By Craig Anderton
The Mbox Mini (top) and Mbox (middle) are more compact and less expensive, but both have the same sound and build quality as the Mbox Pro (bottom).
This one took me by surprise. Avid had been claiming their new Mbox series was “really good, really it is, it really isn’t like the old interfaces, honest” . . . which of course I took with a grain of salt. That is, until I put one on the test bench.
The Mbox Pro is an eight-in/eight-out FireWire interface. Two of the four combo jacks are switchable between instrument inputs on the front panel and line-level 1/4" ins on the rear. The other two are switchable on the front panel for mic or line-level signals. As a helpful bonus, these four inputs also have rear-panel TRS insert jacks. For the remaining I/O, inputs 5 and 6 are RCA auxiliary ins (but note that they aren’t turntable-friendly), and 7 and 8 are stereo S/PDIF. Th ere are six 1/4" balanced output jacks (enough for 5.1 surround monitoring), stereo S/PDIF out, and dual stereo headphone outs.
What’s not to like? The 48-volt phantom power switch is global— either it’s active for all four mic inputs, or it’s not. Also, the MIDI and S/PDIF are on a breakout cable. Interestingly, on the one-model-down Mbox (which has less I/O and uses USB2, and also sounds excellent), the MIDI and S/PDIF jacks are on the unit itself.
If you care about specs, they’re extremely impressive, with audible results. Low-frequency response rolls off by less than 0.5dB at 5Hz—that’s serious low end—and even at a sample rate of 44.1kHz, response is essentially flat up to 20kHz, after which it falls off a cliff . There are no noise components above –120dB, and most sit around –130dB. That’s seriously quiet. As to distortion, all I could find was a second harmonic distortion component at –110dB, and a third harmonic at a hair over –100dB. Short version: These specs are audiophile-quality and very few interfaces meet them.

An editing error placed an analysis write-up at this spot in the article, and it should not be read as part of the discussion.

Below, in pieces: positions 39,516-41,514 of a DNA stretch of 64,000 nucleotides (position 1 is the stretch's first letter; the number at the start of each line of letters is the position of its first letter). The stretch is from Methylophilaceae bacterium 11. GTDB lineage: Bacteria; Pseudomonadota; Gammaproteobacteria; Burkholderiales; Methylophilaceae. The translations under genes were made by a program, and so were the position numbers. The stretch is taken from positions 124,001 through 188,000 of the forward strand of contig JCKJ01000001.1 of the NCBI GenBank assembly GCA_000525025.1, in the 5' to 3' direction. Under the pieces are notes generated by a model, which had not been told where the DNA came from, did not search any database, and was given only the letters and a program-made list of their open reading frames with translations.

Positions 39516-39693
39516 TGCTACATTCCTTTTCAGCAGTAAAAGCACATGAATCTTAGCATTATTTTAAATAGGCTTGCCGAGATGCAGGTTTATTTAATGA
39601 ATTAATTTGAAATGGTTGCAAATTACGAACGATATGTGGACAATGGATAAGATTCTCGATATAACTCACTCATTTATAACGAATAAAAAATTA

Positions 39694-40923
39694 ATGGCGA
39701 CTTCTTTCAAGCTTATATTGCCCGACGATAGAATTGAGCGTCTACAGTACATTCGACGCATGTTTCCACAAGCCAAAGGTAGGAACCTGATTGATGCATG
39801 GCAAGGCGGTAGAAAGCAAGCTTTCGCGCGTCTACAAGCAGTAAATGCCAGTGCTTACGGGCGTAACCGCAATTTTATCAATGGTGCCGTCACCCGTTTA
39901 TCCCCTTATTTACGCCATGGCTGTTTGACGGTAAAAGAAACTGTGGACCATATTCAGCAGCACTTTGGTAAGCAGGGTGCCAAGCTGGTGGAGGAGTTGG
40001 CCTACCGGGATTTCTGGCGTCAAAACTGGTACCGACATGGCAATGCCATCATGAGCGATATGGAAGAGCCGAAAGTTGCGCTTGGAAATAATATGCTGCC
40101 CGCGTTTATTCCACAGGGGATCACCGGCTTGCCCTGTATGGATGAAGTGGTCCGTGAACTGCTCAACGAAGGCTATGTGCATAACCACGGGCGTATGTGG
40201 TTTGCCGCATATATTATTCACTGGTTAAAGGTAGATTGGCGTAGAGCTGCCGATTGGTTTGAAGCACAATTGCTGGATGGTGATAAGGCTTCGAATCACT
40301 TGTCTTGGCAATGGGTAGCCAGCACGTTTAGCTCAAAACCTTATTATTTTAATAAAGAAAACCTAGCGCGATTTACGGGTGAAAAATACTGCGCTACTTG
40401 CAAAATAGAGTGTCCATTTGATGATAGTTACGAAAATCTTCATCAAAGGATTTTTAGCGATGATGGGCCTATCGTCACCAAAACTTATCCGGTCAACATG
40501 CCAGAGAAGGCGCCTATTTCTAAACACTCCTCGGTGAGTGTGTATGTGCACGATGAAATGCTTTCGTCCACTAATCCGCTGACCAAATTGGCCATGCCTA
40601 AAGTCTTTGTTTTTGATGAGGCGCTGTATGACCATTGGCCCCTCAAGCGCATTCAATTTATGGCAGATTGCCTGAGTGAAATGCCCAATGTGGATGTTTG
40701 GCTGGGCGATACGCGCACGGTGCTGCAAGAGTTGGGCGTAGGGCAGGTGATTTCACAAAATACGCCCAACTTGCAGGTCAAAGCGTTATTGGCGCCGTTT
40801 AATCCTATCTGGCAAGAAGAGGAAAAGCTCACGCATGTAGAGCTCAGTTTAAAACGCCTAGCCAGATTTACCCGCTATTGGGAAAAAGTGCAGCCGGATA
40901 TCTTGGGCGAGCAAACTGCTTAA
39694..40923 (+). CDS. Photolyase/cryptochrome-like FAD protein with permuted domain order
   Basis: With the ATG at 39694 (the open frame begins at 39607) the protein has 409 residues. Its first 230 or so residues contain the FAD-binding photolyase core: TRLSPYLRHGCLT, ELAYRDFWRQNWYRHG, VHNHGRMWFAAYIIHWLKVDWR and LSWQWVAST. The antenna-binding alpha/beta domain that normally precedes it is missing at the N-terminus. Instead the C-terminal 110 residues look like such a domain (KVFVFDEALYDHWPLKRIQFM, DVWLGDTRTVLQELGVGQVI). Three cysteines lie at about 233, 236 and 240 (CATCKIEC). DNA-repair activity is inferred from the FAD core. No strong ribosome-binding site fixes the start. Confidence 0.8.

What’s more, the thing is built like a tank. When you take off the outside metal case, there’s an inside metal case. We’re talking major shielding. There’s also a feature that only us geeks notice, but it really matters: Jacks and controls mount to the panel with lock-washers and nuts. This is very different from inexpensive interfaces that solder these components right onto the circuit board and have the shaft spoke out through a hole in the casing, wobbly knobs and all. If you’re plugging and unplugging a lot, Avid’s way of doing it takes strain off the circuit board, greatly adding to longevity.
It’s not an overstatement to say I was shocked by the quality of the new Mbox Pro and the line overall. Granted, it’s not cheap, but you do get a significant break if you buy any Mbox bundled with Pro Tools 9, which costs $599 by itself. Whichever new Mbox you choose, that bundle is certainly a Key Buy-winning value.
PROS Specs and audio quality are nothing short of superb, and more in the league of expensive standalone converters. Extremely durable construction.
CONS Phantom power is global, not selectable per mic input. No turntable inputs.
PRICE Hardware only | List: $799 | Approx. street: $720
With Pro Tools 9 | List: $1,099 | Approx. street: $1,000